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Between Passover and Shavuot; patience

Samuel Smadja

Encouragement in Waiting: Counting the Omer from Passover to Pentecost

But those whose hope in the LORD will renew their strength. They will soar on wings like eagles, they will run and not grow weary, they will walk and not be faint. Isaiah 40:31

       In the Law of Moses, we receive the following instructions as to how we are to live during these 49 days, 7 weeks, between the celebration of Passover and Shavuot, the Feast of Weeks (Pentecost).

Count off seven weeks from the time you begin to put the sickle to the standing grain. Then celebrate the Festival of Weeks to the LORD your God by giving a freewill offering in proportion to the blessings the LORD your God has given you. And rejoice before the LORD your God at the place he will choose as a dwelling for his Name—you, your sons and daughters, your male and female servants, the Levites in your towns, and the foreigners, the fatherless and the widows living among you. Remember that you were slaves in Egypt, and follow carefully these decrees. Deuteronomy 16:9–12

The counting of the Omer, Passover and Pentecost

This period between Passover and Shavuot is known as the “counting of the Omer.” The Omer is a measurement of barley, which was one of the sacrificial elements presented in the Temple at Passover. Passover commemorates the people of Israel’s freedom from slavery in Egypt. It was a time of redemption, of transformation from slavery to a people liberated and sanctified by God Himself. They were to become a people who reflected the Creator’s values and holy ways of living. These instructions for holy living were given to Moses on Mt. Sinai seven weeks after he led his people out from the bondage of Pharaoh. The Bible refers to this day as Shavuot, the feast of Weeks. It is also known as Pentecost and is, according to Jewish tradition, the time when God gave the Commandments (Torah) on Mt. Sinai. In the New Testament we also see the Messiah’s promise to send the Holy Spirit was fulfilled at Pentecost, with the outpouring of the Holy Spirit on the Disciples in Jerusalem.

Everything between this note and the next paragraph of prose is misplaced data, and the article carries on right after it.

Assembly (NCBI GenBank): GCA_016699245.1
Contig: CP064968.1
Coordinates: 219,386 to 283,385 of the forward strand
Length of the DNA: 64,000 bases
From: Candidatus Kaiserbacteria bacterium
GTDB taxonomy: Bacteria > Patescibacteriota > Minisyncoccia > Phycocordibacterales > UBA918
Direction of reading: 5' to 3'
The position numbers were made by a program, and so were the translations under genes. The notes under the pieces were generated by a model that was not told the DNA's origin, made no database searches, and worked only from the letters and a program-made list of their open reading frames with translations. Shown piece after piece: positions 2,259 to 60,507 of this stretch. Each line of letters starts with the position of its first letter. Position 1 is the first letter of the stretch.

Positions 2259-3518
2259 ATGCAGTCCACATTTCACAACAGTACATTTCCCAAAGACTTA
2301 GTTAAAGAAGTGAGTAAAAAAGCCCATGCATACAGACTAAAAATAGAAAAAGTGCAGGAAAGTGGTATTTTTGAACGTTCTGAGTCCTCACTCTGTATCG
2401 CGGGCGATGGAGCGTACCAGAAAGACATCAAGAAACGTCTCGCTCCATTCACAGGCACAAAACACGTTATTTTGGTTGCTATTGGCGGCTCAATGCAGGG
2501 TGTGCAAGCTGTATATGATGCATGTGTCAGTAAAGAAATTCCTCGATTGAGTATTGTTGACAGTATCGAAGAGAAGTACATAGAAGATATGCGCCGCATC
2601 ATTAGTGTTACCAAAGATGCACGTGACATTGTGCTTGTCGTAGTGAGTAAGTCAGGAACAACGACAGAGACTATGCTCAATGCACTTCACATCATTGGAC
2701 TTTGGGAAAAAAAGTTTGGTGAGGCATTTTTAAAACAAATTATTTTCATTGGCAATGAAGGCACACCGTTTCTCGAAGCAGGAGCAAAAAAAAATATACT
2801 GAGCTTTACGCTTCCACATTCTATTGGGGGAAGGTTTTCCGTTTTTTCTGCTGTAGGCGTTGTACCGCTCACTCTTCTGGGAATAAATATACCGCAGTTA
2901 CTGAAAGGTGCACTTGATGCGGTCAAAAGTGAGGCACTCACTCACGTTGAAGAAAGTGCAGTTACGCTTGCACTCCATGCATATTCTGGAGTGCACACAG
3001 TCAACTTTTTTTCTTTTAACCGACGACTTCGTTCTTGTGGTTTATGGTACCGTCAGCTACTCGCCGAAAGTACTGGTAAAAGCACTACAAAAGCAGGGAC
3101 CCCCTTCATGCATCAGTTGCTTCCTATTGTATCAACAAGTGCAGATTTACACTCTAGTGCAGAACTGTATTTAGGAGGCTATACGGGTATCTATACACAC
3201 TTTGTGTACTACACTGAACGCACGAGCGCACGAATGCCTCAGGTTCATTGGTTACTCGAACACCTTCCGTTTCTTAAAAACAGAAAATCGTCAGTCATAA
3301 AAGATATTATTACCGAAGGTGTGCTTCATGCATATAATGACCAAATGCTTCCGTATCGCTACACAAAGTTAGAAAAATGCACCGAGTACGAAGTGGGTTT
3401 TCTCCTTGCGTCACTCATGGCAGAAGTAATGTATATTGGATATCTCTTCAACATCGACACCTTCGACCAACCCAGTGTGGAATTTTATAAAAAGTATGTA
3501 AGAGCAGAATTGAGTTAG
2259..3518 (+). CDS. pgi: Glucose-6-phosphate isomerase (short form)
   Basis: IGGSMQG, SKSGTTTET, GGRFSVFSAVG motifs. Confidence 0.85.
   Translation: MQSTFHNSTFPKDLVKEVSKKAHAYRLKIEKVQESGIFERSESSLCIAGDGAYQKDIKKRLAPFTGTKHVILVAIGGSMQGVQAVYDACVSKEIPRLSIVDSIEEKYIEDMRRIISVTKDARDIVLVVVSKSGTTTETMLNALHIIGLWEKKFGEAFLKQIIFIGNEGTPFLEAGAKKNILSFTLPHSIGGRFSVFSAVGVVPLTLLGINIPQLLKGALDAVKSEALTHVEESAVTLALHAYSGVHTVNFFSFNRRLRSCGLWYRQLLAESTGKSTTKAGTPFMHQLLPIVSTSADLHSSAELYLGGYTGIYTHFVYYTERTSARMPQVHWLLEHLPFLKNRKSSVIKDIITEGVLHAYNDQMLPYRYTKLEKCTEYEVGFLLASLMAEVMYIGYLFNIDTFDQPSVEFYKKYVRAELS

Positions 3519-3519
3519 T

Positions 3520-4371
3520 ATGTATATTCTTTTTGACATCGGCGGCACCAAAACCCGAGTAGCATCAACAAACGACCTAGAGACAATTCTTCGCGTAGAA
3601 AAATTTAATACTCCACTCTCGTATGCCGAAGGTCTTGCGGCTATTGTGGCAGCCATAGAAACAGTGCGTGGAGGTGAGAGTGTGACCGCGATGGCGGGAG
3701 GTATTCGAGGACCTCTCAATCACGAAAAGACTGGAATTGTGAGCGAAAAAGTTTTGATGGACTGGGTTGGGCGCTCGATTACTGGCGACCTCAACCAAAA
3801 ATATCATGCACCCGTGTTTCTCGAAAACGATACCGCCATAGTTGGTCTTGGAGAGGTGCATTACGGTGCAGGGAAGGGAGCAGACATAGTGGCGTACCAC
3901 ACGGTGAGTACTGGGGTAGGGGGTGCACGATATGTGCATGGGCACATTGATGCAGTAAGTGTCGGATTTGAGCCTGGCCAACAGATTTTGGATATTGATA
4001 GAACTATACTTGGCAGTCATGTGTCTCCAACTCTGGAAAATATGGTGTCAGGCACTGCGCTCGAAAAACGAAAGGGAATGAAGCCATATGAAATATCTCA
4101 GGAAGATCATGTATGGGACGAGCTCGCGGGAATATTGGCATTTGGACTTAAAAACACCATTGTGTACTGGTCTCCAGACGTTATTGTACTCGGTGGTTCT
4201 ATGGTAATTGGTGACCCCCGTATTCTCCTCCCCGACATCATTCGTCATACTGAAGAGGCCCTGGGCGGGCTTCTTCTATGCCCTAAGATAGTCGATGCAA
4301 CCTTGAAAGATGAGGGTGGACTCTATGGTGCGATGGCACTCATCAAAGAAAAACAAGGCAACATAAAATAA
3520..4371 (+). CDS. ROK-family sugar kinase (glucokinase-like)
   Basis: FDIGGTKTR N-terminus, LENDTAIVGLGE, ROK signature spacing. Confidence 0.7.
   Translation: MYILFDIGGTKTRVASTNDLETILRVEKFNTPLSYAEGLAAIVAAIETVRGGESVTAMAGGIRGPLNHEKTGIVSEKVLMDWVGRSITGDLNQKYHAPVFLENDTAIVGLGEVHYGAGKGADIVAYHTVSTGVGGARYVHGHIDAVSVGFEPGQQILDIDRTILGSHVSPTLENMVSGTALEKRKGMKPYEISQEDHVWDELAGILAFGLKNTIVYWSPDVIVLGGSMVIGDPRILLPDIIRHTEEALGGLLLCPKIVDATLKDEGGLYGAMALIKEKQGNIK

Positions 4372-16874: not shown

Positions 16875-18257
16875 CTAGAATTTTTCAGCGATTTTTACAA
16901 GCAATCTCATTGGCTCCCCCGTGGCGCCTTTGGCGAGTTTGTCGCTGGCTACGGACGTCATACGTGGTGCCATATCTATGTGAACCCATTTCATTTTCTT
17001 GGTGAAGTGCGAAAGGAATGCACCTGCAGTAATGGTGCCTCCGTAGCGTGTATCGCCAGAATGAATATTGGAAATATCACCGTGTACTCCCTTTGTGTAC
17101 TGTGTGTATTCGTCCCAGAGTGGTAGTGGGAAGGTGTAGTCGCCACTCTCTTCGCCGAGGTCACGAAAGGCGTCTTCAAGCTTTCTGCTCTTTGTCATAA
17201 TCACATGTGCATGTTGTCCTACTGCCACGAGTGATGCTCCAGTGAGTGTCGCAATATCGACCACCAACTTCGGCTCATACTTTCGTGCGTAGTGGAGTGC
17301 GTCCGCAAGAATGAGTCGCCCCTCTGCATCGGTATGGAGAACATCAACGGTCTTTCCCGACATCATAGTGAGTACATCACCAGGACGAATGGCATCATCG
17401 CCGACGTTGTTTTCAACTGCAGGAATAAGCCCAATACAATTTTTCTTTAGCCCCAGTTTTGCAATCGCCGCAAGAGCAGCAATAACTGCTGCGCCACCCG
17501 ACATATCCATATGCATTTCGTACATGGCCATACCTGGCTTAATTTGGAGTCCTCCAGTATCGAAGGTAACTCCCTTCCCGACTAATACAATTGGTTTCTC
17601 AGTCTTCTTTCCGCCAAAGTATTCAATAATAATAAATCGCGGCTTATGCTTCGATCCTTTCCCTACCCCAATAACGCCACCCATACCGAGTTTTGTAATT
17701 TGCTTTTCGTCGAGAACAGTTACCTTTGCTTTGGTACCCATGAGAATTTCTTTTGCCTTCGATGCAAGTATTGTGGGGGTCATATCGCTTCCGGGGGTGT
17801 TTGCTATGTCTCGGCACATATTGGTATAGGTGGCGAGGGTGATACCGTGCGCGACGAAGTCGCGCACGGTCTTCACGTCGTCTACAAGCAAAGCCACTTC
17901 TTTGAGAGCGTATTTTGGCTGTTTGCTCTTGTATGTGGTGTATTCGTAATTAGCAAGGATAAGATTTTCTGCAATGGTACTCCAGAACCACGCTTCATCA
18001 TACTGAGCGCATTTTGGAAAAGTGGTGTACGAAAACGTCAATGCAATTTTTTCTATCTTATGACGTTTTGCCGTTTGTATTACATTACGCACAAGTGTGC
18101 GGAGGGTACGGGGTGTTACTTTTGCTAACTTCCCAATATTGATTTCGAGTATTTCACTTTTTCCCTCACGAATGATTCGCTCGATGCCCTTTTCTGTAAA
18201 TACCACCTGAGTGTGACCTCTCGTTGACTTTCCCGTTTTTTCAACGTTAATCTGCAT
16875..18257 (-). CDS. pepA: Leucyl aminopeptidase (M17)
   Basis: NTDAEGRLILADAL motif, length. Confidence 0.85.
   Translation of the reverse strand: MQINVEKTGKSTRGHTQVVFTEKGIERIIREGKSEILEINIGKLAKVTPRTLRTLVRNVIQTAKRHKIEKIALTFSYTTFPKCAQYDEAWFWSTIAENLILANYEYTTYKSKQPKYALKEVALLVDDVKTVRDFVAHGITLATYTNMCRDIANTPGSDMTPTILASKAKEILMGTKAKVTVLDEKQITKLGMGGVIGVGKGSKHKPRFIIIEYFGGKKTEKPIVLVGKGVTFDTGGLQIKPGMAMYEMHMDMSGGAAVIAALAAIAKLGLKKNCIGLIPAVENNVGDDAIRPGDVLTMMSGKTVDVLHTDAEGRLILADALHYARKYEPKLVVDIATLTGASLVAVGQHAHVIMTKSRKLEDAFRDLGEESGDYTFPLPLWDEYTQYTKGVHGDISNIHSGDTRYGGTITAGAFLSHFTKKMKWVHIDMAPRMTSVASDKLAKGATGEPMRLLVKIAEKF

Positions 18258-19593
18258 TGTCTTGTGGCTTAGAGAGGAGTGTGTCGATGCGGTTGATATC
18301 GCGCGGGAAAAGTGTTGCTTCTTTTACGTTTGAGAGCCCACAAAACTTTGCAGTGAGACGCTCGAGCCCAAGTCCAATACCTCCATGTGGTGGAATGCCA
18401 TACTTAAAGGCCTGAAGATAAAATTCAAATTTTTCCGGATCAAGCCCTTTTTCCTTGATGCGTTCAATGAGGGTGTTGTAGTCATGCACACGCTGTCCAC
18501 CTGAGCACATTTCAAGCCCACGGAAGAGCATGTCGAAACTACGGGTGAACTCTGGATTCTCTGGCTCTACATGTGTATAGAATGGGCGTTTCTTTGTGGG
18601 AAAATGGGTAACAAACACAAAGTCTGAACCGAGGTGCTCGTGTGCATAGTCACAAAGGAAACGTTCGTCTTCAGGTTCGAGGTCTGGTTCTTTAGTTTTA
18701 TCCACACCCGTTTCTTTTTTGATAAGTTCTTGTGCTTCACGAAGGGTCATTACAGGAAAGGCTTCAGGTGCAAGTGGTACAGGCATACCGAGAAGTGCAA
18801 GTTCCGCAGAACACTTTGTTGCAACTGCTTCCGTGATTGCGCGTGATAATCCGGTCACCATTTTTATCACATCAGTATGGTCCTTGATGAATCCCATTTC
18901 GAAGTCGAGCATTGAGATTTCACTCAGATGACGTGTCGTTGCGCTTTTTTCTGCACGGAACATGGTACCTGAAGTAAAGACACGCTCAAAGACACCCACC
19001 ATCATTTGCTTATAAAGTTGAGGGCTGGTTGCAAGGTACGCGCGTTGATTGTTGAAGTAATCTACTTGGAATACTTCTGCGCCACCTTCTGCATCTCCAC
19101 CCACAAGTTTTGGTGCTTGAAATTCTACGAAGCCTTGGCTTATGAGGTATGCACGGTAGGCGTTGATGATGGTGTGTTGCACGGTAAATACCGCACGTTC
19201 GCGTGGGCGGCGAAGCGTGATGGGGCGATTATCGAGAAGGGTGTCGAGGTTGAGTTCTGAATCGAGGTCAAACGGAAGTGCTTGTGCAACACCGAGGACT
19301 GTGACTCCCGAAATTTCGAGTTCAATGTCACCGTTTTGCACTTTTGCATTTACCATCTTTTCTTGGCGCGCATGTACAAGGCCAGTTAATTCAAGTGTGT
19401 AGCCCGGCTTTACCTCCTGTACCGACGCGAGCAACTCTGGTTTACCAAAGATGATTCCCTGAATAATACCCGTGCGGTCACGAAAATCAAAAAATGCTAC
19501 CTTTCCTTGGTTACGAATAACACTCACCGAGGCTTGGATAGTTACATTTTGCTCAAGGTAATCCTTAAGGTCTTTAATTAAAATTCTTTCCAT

What happened biblically during the first counting of the Omer

The Scriptures tell us that the days following the Hebrews liberation from slavery were full of faith-testing challenges. They crossed the Red Sea with the Egyptian army in pursuit. They needed to trust in divine intervention for sustenance: manna, quail and water from the rock. Walking through the desert taught the people of Israel that they needed to rely completely on God’s provision and to obey His instructions. Even after experiencing incredible miracles, learning to rely on God and not complain or become bitter was truly a challenge. Those of you who have visited Israel and Egypt with us can attest to the lack of comforts in the wilderness here. Many of us can admit that if we had been in the wilderness with them, our reaction would have been similar to theirs. Sadly, as we know from the Biblical account, it took an entire generation of wandering through the wilderness for God’s people to mature from a nation of slaves to one of free men and women.     

Biblical prophecy and foreshadowing around Passover and Pentecost